Video has an important role to play in the wider adoption of EVs, as dealers will need to educate motorists both on ownership and aftercare. With manufacturers launching electric models and sales increasing, video will offer a way to provide essential information and plug knowledge gaps.
Sales of EVs and other alternatively powered vehicles grew by more than a fifth in 2018, according to latest figures from the Society of Motor Manufacturers and Traders (SMMT).
EVs require less aftercare due to having fewer moving parts – with Cap HPI calculations showing EVs will cost 23% less than petrol vehicles to maintain over three years/60,000 miles. However, routine servicing will still be a necessity. Customers will be faced with a bill with no immediate indication of what they have paid for, making explainer videos alongside the personal eVHC vital for trust and transparency. Already, many dealers are sending a personal eVHC video with a secondary explainer video tagged on. An eVHC might show problems with the brake discs on an individual’s vehicle, but a general explainer video highlights the impact of not addressing the issue. A general video explaining the service an EV receives will be important if customers are to understand their personal eVHC when their EV is in the workshop.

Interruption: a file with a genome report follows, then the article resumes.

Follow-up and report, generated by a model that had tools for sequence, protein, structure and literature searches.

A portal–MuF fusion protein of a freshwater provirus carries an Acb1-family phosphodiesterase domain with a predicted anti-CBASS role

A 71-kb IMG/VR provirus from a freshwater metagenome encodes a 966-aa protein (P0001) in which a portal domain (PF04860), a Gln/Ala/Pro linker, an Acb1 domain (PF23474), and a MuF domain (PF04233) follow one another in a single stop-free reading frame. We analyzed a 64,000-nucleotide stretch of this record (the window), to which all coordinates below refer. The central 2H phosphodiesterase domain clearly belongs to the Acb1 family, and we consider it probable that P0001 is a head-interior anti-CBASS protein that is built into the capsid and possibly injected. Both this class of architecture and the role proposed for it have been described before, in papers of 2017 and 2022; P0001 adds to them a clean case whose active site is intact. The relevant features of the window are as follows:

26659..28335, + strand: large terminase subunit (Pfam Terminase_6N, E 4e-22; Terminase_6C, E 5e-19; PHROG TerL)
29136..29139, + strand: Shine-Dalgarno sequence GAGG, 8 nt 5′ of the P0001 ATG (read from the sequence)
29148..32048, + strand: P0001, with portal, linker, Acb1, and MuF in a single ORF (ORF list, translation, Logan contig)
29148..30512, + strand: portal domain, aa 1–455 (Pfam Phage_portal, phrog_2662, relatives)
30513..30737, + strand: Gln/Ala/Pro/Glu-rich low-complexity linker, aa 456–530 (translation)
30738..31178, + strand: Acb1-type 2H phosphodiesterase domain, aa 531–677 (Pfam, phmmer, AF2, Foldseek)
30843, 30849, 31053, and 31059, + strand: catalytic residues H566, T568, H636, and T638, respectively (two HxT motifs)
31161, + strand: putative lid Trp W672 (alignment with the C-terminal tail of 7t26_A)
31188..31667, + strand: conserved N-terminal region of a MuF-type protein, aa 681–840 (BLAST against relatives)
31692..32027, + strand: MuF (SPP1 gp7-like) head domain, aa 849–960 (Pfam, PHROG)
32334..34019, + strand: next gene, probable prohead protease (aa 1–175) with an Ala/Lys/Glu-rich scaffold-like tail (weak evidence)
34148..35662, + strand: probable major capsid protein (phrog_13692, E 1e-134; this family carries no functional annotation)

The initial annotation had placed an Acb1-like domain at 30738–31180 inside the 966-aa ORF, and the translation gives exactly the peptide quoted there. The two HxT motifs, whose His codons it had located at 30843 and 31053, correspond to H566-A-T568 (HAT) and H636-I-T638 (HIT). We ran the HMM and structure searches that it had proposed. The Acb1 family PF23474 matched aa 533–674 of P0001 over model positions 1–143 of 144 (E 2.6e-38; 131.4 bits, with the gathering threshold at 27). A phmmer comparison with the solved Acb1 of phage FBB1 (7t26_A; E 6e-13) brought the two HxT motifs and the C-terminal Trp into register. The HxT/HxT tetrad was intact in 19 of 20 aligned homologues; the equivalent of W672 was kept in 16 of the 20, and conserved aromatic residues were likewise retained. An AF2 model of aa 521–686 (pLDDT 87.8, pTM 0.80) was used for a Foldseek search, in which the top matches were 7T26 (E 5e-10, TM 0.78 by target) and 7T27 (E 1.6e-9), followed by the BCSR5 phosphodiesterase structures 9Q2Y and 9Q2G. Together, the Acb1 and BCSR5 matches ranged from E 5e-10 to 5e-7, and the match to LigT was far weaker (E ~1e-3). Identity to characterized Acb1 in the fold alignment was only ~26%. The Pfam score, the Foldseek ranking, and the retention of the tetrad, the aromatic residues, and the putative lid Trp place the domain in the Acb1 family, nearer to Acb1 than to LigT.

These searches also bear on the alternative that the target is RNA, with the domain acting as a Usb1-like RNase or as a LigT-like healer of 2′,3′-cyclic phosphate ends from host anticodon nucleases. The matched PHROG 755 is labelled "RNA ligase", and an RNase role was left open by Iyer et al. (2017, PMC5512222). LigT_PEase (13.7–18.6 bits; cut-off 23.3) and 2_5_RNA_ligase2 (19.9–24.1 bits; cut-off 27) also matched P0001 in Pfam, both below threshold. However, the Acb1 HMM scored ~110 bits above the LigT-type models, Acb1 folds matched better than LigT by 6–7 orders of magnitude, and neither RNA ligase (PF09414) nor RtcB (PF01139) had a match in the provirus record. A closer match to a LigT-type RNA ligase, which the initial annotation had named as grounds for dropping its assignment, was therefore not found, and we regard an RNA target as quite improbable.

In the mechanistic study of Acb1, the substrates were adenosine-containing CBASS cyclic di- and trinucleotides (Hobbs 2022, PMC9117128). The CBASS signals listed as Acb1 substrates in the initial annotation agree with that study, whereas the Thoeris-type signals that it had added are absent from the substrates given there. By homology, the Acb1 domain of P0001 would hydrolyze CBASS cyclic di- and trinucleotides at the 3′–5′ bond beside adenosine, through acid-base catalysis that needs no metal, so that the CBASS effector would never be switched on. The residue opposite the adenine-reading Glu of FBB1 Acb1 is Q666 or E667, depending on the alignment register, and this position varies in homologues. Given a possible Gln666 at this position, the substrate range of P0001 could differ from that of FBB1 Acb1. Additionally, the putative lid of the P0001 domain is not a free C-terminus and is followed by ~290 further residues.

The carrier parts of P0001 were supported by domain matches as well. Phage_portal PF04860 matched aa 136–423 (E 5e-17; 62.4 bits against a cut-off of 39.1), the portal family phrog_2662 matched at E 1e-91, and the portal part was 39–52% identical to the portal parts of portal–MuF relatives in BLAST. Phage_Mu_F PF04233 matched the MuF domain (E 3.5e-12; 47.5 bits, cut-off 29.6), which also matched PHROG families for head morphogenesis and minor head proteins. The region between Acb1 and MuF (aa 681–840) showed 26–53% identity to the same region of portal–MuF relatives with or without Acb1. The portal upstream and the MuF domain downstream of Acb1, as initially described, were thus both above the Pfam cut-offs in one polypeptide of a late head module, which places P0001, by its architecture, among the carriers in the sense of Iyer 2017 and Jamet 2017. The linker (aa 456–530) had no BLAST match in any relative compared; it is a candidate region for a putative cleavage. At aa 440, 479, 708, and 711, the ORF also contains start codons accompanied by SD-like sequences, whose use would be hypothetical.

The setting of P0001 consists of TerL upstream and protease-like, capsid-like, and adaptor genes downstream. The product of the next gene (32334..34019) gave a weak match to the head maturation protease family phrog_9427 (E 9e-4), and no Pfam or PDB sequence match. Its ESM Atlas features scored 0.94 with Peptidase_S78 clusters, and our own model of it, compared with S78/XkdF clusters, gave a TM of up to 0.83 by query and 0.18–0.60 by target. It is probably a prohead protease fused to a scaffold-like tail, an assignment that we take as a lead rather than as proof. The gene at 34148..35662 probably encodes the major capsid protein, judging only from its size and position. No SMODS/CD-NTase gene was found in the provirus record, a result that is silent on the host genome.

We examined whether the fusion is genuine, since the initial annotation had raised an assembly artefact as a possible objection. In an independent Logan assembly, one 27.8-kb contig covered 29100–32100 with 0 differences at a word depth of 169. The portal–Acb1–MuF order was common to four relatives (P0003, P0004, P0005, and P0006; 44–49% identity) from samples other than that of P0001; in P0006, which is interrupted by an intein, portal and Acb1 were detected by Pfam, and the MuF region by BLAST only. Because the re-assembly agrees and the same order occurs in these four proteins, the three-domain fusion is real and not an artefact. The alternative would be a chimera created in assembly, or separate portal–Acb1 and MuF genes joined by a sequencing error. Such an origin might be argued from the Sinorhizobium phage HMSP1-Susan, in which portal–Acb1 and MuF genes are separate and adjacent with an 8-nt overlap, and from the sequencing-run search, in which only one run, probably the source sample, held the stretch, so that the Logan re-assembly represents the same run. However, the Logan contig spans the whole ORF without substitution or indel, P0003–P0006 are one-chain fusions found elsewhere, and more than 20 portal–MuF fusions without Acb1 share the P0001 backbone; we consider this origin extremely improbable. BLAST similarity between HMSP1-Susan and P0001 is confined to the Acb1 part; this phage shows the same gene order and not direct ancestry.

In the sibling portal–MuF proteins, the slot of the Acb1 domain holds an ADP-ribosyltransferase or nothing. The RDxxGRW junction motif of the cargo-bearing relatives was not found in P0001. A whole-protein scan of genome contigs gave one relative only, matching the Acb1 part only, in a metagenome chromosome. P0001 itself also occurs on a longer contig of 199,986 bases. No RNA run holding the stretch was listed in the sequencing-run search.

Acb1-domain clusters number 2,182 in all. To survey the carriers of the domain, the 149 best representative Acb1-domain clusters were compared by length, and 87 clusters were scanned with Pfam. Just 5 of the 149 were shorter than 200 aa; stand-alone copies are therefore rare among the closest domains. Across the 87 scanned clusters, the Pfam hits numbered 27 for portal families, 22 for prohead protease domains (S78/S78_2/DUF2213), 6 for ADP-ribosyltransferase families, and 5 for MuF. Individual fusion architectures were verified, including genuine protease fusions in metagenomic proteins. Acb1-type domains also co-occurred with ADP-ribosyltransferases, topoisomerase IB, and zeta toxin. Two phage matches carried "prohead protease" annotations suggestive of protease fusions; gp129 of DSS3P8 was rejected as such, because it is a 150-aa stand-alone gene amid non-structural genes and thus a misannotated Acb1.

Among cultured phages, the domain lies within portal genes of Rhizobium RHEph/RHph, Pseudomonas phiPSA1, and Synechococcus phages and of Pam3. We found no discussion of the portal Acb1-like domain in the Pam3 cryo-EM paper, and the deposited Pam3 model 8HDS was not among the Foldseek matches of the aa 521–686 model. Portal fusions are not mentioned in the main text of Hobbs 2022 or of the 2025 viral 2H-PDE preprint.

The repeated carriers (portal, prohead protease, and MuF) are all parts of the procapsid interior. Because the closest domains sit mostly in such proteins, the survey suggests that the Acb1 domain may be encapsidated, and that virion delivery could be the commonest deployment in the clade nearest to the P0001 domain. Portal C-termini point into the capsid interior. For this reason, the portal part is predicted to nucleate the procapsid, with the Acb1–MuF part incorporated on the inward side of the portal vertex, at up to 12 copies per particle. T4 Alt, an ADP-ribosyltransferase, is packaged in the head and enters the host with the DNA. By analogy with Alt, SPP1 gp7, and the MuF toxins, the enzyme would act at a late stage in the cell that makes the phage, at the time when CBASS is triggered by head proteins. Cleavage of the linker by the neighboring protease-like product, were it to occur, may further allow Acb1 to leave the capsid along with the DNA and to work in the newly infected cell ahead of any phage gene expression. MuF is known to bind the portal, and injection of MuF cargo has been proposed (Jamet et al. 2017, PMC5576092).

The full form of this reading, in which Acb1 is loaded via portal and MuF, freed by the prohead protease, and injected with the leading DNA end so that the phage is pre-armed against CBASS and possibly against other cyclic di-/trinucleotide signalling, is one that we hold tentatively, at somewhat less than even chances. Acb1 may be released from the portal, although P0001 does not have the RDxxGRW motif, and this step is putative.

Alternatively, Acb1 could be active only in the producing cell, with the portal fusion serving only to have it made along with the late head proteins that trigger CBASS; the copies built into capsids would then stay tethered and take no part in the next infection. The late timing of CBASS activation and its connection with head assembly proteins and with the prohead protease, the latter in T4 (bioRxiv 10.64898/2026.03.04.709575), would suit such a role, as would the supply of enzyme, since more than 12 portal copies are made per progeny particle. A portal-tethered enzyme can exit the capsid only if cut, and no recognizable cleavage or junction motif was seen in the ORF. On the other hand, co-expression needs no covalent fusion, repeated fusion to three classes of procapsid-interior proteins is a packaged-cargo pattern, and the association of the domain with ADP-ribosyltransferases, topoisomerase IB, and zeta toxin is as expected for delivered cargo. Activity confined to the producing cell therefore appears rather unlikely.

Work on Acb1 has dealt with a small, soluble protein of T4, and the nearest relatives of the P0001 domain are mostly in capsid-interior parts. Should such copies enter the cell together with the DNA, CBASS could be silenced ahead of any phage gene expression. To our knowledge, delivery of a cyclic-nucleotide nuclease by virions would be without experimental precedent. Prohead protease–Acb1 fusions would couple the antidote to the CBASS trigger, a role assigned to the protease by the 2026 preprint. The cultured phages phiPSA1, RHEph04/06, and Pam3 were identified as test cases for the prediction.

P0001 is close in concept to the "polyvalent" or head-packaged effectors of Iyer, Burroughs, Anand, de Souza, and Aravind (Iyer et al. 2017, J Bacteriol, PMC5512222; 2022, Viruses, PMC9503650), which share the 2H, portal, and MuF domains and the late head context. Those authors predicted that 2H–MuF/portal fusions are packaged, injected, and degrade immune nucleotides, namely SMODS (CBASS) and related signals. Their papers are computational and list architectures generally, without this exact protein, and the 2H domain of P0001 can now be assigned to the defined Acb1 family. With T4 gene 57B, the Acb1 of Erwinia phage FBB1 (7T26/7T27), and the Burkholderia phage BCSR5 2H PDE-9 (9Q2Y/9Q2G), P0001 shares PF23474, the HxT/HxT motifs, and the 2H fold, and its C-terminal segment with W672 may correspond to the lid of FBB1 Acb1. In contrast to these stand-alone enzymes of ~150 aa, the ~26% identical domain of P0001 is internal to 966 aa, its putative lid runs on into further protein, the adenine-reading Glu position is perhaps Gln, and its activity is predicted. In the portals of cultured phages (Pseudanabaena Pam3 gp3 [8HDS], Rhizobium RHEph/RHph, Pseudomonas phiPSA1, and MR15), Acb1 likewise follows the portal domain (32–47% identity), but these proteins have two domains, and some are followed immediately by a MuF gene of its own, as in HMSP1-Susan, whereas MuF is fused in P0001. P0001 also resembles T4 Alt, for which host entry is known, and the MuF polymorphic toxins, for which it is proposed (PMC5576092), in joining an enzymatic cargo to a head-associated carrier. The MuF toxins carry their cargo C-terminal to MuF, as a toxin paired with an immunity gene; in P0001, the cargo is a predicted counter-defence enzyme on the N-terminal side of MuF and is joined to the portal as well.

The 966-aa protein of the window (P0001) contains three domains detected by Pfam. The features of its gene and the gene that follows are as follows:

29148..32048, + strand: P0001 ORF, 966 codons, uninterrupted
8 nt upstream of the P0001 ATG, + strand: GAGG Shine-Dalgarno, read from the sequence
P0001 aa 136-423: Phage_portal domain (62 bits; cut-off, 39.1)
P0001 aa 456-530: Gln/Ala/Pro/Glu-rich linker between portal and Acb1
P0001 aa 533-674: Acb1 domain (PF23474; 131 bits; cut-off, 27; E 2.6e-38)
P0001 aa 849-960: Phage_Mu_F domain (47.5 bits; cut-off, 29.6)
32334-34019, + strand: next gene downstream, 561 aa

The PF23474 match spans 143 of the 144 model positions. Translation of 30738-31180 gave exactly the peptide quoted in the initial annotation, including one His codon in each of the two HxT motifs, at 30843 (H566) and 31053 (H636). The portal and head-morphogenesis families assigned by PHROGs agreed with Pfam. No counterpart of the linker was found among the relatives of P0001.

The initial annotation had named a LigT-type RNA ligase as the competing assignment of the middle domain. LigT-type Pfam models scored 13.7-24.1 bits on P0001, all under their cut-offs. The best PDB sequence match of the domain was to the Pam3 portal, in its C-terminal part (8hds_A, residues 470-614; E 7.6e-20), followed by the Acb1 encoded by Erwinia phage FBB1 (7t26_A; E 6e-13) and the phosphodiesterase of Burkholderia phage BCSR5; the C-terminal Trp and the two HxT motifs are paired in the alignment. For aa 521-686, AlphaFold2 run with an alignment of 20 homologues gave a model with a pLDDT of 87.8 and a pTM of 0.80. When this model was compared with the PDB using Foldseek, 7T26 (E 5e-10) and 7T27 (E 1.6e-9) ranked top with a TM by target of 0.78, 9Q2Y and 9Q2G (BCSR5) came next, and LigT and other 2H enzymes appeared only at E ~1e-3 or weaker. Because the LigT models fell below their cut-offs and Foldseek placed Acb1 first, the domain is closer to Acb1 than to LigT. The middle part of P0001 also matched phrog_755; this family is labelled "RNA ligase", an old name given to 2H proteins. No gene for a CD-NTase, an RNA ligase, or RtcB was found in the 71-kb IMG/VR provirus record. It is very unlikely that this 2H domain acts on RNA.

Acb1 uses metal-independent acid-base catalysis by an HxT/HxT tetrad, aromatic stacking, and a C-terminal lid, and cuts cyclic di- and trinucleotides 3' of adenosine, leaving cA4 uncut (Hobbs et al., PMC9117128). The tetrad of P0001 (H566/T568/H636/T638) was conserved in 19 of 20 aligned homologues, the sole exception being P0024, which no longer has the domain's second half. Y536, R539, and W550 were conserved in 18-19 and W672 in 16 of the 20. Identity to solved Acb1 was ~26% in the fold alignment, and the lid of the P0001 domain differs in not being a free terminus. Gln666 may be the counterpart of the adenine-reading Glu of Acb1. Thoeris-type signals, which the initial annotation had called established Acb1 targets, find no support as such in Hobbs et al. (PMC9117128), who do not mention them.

Video will also be used by OEMs and their franchised networks to assure customers that they are in the hands of the experts. Videos will help consumers understand why that expertise is needed and the training EV technicians have received, to encourage them to remain in the franchised network.
The changing aftermarket will need to be explained to consumers, with video providing the obvious medium choice. A report by global consultants Mckinsey, ‘The Automotive Aftermarket in 2030’, suggests wider adoption of EVs and connected cars, along with other e-commerce solutions, could result in a 30-40% redistribution of aftersales revenue. Dealers will have to offer new services and products, with video a vital tool to fully inform motorists.
EV production will increase to 21 million units by 2030, with the cost of ownership to be on a par with petrol and hybrid vehicles by 2022, according to a report from Deloitte. Even at the buying stage, as EVs become mainstream, so the demand for information will increase. Whilst now two-years-old, a study from Cap HPI in conjunction with Leeds Beckett University found a lack of knowledge about EVs among 70% of the 388 people surveyed.
Video will undoubtedly be crucial in capturing the imagination of regular drivers as well as providing essential information and assurance. Video will also highlight the advantages and benefits of EV driving and, as it does now, provide a means to introduce sales staff and the business, thereby helping in the journey to wider EV adoption.